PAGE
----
Six-and-a-half years before Qatar makes history by staging the first FIFA World Cup in the Middle East, it hosted a FIFA referees seminar which included men’s and women’s officials on a common platform for the first time ever.
Referees from the Asian Football Confederation, Oceania Football Confederation and the Confederation of African Football participated in the Doha-based seminar, which is part of FIFA’s preparations for the upcoming men’s and women’s World Cup editions in Russia and France, in 2018 and 2019 respectively.
The seminar is used by FIFA as a training mechanism for referees who are likely to be part of the two elite tournaments and involved physical and endurance tests, lectures, presentations and audio-visual analysis of real-time decision making on the pitch.
“The quality of football in the women’s World Cup is growing rapidly and the tournament is emerging as a major spectator sport,” said FIFA’s Head of Refereeing Massimo Busacca, in an interview with www.sc.qa. “It is also opening up new broadcast markets. Referees officiating in the tournament, therefore, will need a similar level of training like their male counterparts.”
He continued: “The philosophy of refereeing in both men’s and women’s competitions must be similar. Men and women referees must work together and exchange ideas and both should learn from each other. This is the reason why FIFA is investing millions into the development side of football of which referees training is a part.”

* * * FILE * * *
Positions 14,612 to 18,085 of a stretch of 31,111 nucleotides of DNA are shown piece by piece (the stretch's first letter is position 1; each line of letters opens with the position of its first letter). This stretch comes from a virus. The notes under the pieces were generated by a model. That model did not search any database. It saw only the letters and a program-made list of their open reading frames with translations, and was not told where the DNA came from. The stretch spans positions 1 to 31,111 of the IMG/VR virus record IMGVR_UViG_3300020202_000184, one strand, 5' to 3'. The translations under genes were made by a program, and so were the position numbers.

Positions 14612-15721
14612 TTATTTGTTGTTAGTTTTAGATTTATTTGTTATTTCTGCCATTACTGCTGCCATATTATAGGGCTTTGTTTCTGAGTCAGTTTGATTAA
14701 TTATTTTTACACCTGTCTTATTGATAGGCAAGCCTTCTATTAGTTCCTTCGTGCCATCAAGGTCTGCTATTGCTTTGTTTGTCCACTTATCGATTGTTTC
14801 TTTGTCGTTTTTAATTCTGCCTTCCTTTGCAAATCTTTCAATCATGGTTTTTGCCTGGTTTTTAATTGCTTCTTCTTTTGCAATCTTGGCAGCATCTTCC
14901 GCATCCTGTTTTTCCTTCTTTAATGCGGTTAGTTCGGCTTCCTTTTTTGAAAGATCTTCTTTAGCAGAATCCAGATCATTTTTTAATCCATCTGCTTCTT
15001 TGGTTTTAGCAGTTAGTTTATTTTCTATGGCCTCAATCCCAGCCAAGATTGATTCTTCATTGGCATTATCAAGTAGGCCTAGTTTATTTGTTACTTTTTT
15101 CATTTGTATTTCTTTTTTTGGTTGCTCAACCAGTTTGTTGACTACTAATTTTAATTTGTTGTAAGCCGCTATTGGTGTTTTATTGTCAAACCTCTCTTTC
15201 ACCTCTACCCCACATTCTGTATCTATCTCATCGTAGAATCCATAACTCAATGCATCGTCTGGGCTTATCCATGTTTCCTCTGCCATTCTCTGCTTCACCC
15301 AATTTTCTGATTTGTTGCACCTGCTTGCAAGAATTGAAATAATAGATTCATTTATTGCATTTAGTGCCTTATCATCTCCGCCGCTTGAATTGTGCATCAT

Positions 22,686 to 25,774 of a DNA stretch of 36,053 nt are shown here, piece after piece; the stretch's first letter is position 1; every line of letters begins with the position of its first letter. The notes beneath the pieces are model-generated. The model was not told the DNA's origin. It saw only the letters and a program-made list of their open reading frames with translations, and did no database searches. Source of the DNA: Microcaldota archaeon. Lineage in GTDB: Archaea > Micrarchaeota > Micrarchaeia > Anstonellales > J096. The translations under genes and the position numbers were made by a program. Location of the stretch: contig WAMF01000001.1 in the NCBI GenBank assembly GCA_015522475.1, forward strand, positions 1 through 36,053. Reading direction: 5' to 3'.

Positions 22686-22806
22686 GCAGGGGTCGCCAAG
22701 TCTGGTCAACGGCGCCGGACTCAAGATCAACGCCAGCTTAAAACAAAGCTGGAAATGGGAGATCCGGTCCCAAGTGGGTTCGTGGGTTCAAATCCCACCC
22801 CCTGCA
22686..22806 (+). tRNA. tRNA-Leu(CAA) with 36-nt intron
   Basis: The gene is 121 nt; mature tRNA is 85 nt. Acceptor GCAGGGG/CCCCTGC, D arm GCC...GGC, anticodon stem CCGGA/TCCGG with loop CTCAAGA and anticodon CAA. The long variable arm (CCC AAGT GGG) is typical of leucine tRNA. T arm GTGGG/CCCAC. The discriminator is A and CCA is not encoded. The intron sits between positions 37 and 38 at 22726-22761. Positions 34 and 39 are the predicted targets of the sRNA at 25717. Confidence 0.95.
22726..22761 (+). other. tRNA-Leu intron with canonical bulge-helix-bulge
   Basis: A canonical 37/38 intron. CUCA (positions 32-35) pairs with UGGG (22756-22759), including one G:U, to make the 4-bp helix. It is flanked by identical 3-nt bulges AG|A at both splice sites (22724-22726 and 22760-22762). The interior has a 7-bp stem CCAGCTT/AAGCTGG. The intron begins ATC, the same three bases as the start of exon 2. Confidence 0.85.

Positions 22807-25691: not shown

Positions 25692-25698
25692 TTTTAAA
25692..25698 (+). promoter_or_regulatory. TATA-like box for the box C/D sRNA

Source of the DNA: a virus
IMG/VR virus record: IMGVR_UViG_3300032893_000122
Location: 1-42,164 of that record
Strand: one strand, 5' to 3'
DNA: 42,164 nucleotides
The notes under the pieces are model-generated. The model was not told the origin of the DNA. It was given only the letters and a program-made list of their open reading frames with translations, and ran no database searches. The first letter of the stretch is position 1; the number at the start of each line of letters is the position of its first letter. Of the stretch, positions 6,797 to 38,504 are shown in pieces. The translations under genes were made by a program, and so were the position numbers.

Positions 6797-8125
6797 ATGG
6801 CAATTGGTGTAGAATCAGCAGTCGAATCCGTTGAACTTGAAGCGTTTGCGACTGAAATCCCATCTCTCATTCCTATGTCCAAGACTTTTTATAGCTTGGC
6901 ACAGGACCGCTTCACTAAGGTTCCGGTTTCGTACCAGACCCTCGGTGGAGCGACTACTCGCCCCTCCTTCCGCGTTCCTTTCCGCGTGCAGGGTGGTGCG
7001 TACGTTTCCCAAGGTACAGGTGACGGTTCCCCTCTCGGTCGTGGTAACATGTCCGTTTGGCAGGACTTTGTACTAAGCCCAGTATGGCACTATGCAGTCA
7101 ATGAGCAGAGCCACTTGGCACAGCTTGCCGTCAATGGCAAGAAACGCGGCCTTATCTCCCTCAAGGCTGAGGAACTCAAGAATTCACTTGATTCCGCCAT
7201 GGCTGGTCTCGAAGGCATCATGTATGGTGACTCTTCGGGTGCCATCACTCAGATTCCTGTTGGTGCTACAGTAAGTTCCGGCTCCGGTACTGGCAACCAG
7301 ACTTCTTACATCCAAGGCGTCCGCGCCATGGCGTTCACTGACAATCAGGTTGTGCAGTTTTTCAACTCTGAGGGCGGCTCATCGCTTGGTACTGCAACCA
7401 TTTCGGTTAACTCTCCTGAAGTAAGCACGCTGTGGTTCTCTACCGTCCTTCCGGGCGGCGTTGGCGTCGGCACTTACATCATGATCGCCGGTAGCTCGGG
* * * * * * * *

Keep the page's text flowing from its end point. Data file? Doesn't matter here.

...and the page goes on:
Busacca also suggested that reducing the number of errors in elite tournaments is another key objective of the seminar, but insisted the process can never be perfect. “Mistakes will happen because referees are human,” he added.
“If a star forward earning millions of dollars a month can miss an open goal the referees can also make bad decisions. The referees seminar will give valuable inputs which will help officials minimise errors and arrive at consistency of decision making. Platforms such as this can also be useful for sharing of experiences which will help referees to deal with the pressure of officiating on the big stage.”
Qatar Football Association’s Abdulrahman al-Jassim was among the 25 male participants of the seminar, which also included 23 female officials.
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